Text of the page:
Clinical outcomes and molecular genotyping of Staphylococcus aureus isolated from milk samples of dairy primiparous Mediterranean buffaloes (Bubalus bubalis)

Guccione, J.; Cosandey, A.; Pesce, A.; Di Loria, A.; Pascale, M.; Piantedosi, D.; Steiner, Adrian; Graber, Hans Ulrich; Ciaramella, P. (2014). Clinical outcomes and molecular genotyping of Staphylococcus aureus isolated from milk samples of dairy primiparous Mediterranean buffaloes (Bubalus bubalis). Journal of dairy science, 97(12), pp. 7606-7613. American Dairy Science Association 10.3168/jds.2014-8455

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Staphylococcus aureus is one of the most important pathogens causing mastitis in dairy cows and in Mediterranean buffaloes. Genotype B (GTB) is contagious in dairy cows and may occur in up to 87% of cows of a dairy herd. It was the aim of this study to evaluate genotypes present, clinical outcomes, and prevalence of Staph. aureus in milk samples of primiparous Mediterranean dairy buffaloes. Two hundred composite milk samples originating from 40 primiparous buffaloes were collected from May to June 2012, at d 10, 30, 60, 90, and 150 d in milk (DIM) to perform somatic cell counts and bacteriological cultures. Daily milk yields were recorded. Before parturition until 40 to 50 DIM, all primiparous animals were housed separated from the pluriparous animals. Milking was performed in the same milking parlor, but the primiparous animals were milked first. After 50 DIM, the primiparous were mixed with the pluriparous animals, including the milking procedure. Individual quarter samples were collected from each animal, and aliquots of 1 mL were mixed and used for molecular identification and genotyping of Staph. aureus. The identification of Staph. aureus was performed verifying the presence of nuc gene by nuc gene PCR. All the nuc-positive isolates were subjected to genotype analysis by means of PCR amplification of the 16S-23S rRNA intergenic spacer region and analyzed by a miniaturized electrophoresis system. Of all 200 composite samples, 41 (20.5%) were positive for Staph. aureus, and no genotype other than GTB was identified. The prevalence of samples positive for Staph. aureus was 0% at 10 DIM and increased to a maximum of 22/40 (55%) at 90 DIM. During the period of interest, 14 buffaloes tested positive for Staph. aureus once, 6 were positive twice, and 5 were positive 3 times, whereas 15 animals were negative at every sampling. At 90 and 150 DIM, 7 (17.5%) and 3 buffaloes (7.5%), respectively, showed clinical mastitis (CM), and only 1 (2.5%) showed CM at both samplings. At 60, 90, and 150 DIM, 1 buffalo was found with subclinical mastitis at each sampling. At 30, 60, 90, and 150 DIM, 2.5 (1/40), 22.5 (9/40), 35 (14/40), and 10% (4/40) were considered affected by intramammary infection, respectively. Buffaloes with CM caused by Staph. aureus had statistically significantly higher mean somatic cell count values (6.06 ± 0.29, Log10 cells/mL ± standard deviation) and statistically significantly lower mean daily milk yields (7.15 ± 1.49, liters/animal per day) than healthy animals (4.69 ± 0.23 and 13.87 ± 2.64, respectively), buffaloes with IMI (4.82 ± 0.23 and 11.16 ± 1.80, respectively), or with subclinical mastitis (5.47 ± 0.10 and 10.33 ± 0.68, respectively). Based on our knowledge, this is the first time that Staph. aureus GTB has been identified in milk samples of dairy Mediterranean buffaloes.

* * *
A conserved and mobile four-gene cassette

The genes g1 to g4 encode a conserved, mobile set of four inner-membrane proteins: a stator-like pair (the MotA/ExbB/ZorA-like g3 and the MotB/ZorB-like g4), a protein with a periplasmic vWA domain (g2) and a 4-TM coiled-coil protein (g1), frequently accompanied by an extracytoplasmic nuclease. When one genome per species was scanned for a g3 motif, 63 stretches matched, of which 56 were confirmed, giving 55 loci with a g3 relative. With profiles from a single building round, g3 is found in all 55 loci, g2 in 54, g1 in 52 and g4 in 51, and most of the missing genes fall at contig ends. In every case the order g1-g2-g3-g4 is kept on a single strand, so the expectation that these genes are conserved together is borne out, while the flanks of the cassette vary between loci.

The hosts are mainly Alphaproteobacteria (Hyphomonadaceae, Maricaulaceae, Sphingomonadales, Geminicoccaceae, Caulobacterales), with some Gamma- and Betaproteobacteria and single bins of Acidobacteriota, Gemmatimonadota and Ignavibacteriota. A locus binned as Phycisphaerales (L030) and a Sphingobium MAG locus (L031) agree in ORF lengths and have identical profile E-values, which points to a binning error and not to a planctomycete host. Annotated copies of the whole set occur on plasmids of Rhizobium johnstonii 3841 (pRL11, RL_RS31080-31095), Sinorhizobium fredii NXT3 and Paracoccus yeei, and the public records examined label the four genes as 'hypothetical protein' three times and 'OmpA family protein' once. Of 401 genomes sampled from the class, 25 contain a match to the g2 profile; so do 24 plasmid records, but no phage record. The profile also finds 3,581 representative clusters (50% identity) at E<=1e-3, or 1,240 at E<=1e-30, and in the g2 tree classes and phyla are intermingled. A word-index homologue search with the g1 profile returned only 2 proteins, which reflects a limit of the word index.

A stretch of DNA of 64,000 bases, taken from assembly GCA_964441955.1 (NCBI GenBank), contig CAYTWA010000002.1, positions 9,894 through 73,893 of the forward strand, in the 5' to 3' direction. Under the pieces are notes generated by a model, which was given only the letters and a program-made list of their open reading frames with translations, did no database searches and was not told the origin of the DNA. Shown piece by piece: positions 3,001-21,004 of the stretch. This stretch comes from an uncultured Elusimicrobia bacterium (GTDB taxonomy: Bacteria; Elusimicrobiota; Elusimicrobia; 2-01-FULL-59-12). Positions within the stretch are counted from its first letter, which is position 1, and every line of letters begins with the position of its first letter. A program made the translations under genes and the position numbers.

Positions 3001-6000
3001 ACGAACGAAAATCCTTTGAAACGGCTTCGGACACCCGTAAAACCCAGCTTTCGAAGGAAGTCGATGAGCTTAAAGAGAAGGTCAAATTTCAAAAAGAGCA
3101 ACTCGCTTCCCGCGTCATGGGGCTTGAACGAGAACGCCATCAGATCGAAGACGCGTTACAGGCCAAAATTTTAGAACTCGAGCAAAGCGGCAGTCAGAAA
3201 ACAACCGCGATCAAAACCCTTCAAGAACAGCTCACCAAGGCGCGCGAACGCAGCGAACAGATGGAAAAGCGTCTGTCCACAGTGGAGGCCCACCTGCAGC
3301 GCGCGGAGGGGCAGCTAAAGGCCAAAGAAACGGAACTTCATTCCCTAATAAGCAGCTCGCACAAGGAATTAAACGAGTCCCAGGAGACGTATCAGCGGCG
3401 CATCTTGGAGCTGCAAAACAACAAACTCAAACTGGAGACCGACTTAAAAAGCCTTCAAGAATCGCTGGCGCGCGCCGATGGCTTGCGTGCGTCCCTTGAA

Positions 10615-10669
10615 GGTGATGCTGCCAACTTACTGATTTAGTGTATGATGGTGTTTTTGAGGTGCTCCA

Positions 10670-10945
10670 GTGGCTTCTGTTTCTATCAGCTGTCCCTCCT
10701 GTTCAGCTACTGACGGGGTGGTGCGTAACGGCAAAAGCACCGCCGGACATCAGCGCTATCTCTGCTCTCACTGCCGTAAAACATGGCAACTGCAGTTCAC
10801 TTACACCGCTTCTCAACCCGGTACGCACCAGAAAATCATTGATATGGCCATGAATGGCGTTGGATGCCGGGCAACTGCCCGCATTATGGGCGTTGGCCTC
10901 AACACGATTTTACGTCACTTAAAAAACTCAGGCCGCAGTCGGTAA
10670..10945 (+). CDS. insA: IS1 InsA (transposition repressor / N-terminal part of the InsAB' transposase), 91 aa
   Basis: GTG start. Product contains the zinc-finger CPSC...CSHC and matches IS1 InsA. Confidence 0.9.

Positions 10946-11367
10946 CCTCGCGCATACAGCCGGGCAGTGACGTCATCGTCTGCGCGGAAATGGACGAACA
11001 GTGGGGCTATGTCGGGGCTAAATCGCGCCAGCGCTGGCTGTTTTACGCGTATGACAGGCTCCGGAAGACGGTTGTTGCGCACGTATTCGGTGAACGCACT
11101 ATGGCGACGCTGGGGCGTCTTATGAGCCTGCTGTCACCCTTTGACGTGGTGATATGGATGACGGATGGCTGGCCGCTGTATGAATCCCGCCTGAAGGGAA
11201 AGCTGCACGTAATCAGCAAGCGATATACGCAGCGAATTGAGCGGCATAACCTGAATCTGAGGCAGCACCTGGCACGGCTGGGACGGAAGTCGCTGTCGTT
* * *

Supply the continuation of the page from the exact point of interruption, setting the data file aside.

Item Type:

Journal Article (Original Article)


05 Veterinary Medicine > Research Foci > Veterinary Public Health / Herd Health Management
05 Veterinary Medicine > Department of Clinical Veterinary Medicine (DKV)
05 Veterinary Medicine > Department of Clinical Veterinary Medicine (DKV) > Clinic for Ruminants

UniBE Contributor:

Steiner, Adrian, Graber, Hans Ulrich


600 Technology > 630 Agriculture
500 Science > 590 Animals (Zoology)




American Dairy Science Association




Patrik Zanolari

Date Deposited:

06 Jan 2015 15:00

Last Modified:

05 Dec 2022 14:38

Publisher DOI:


PubMed ID:


Uncontrolled Keywords:

Mediterranean buffalo, Staphylococcus aureus, genotype B, mastitis, udder health




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